Naming of the High Notes

Discussion in 'Trumpet Discussion' started by John Mohan, Feb 14, 2013.

  1. Ed Lee

    Ed Lee Utimate User

    Aug 16, 2009
    Jackson NC
    I'm sure, if I were a conductor and speaking only to Bb trumpeters, cornetists, or other Bb instrumentalists I would, and as such I would be cheating you by not having you learn a full rounded musical education. Music gets tough for a trumpeter when playing in unison with an Eb alto sax, a French horn in F all from the Eb or F music when the trumpeter lacks the ability to transpose
  2. pops

    pops Pianissimo User

    Mar 17, 2004
    All you have to do is look in a textbook or a dictionary of music. This was settled decades ago.

    Composers, arrangers and musicologists already decided on this, and the ITG took a vote 35 years ago and decided to adopt the same system that composers use.
    This was done because to have every instrument use a different system is very confusing.

    So regardless of what an instruments lowest note is the registers always start and change at C.

    The ITG Journal uses HD#1 (as have most people, apparently) where middle C is "one-line C" or c' (I had previously called this c-prime, as I have heard said.)

    Harvard Dictionary of Music (HD) (14th printing, 1962. I used this one to prove 51 years of common usage.)
    ...admits the UNFORTUNATE lack of uniform practice in naming octaves, and displays three systems:
    ALL of those 3 systems change registers at C but uses names numbers or '''' to denote which C they are talking about.

    Colleges have taught the C as the changing point for at least 60 years.

    So for trumpet every note from High c to the B below double high C, is High. The doubles start at double high C.
    Last edited: Feb 18, 2013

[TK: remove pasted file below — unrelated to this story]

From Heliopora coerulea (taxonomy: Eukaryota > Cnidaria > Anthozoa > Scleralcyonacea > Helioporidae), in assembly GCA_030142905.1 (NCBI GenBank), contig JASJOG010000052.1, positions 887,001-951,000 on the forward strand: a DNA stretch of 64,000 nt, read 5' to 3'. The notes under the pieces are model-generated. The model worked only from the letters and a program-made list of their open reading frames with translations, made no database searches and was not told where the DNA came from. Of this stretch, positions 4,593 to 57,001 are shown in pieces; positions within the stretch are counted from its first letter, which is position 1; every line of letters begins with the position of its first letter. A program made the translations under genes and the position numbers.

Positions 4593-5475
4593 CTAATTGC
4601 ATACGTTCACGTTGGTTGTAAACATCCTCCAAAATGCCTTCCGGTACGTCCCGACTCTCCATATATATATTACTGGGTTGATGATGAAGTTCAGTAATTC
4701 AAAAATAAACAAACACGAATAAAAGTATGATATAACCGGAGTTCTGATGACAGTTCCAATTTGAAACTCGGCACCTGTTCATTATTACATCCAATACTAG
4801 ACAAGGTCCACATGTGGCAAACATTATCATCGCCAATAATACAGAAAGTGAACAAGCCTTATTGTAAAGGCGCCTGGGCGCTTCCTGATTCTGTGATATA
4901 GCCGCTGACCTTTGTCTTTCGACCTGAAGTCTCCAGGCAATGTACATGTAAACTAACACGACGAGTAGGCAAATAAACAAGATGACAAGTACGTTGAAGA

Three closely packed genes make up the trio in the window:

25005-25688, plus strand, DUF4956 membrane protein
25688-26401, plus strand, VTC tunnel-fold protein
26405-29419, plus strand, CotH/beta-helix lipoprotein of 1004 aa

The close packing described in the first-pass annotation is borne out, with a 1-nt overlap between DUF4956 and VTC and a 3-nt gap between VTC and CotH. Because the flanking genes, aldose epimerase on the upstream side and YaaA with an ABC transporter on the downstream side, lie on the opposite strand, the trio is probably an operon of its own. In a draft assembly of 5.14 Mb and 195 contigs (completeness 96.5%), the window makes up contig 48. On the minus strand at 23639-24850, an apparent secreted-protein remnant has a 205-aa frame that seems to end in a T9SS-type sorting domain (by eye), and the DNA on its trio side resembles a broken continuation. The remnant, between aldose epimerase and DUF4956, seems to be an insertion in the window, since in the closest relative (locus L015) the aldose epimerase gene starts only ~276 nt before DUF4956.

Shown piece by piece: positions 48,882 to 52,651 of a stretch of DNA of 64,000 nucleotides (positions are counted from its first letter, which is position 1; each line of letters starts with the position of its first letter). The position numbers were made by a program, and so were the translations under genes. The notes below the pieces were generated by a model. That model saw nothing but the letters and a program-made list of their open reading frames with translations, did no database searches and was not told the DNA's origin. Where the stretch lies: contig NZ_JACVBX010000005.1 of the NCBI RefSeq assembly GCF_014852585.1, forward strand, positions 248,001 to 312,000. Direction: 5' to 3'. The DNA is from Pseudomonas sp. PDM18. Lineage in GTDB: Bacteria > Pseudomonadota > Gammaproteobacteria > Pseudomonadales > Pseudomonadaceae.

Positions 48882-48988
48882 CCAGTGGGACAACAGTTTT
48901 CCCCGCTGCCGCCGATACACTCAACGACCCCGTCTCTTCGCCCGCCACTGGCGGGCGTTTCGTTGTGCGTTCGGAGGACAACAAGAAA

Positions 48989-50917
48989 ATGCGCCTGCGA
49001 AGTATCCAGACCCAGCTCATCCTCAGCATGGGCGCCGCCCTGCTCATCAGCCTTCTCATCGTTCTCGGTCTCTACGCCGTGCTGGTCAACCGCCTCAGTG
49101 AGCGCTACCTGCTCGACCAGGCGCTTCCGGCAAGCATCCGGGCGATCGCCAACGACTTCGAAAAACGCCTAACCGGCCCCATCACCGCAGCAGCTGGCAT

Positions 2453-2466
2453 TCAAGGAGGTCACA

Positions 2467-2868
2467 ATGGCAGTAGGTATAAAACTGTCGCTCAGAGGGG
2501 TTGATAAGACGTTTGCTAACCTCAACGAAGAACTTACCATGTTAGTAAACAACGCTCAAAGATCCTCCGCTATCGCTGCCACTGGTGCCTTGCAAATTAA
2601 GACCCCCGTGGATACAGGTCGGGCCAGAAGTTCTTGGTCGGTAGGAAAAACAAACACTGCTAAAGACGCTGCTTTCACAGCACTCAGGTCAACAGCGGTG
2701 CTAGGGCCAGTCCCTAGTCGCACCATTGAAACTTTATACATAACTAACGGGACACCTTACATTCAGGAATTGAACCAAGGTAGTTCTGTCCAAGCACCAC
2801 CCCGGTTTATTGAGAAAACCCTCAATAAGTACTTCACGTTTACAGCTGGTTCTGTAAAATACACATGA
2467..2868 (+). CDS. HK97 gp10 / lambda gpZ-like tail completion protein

3. Dale Proctor

    Dale Proctor Utimate User

    Jul 20, 2006
    Heart of Dixie
    Which leads me to one of my favorite truisms that a lot of players (and bands) fail to recognize: It's better to play something that's simple very well than it is to play something that's very difficult not-so-well. The audience would rather hear something played well than something you can almost play. They don't appreciate how difficult the piece is, only how it sounds.

    While I'm on my soapbox, if your band is playing an outdoor concert, in a park for example, DO NOT play a long, slow, drawn-out piece of music. I don't know how many times I've been on both ends of one of those, and the audience hates it. If you're lucky, they will just stop listening and will talk quietly, and if you're unlucky, you'll lose half your audience. Keep the pieces short, peppy, and interesting, and convince the bull-headed director not to program stuff like that.
  4. Ed Lee

    Ed Lee Utimate User

    Aug 16, 2009
    Jackson NC
    Dale, You are absolutetly right. Were I in the audience it would be time for the loudest a-a-a-a- choo I could make and then stare at those sitting around me with my aloof cornered eyes with eyebrows raised.

    It was a USO performance but who was performing or where I was I can't remember (I was drunk as a skunk, and most likely smelled like one also), but the audience was interactive in picking the music from the bands repertoire of about two hundred songs and everyone had a great time. With a program repertoire like that, you know it was a great band. (Truly, USO musicians were always great!)
  5. kingtrumpet

    kingtrumpet Utimate User

    Sep 20, 2009
    New York State USA
    G i C what you are all talking about -- and I will let it B now ---- ROFL ROFL ROFL for my Canadian friends A

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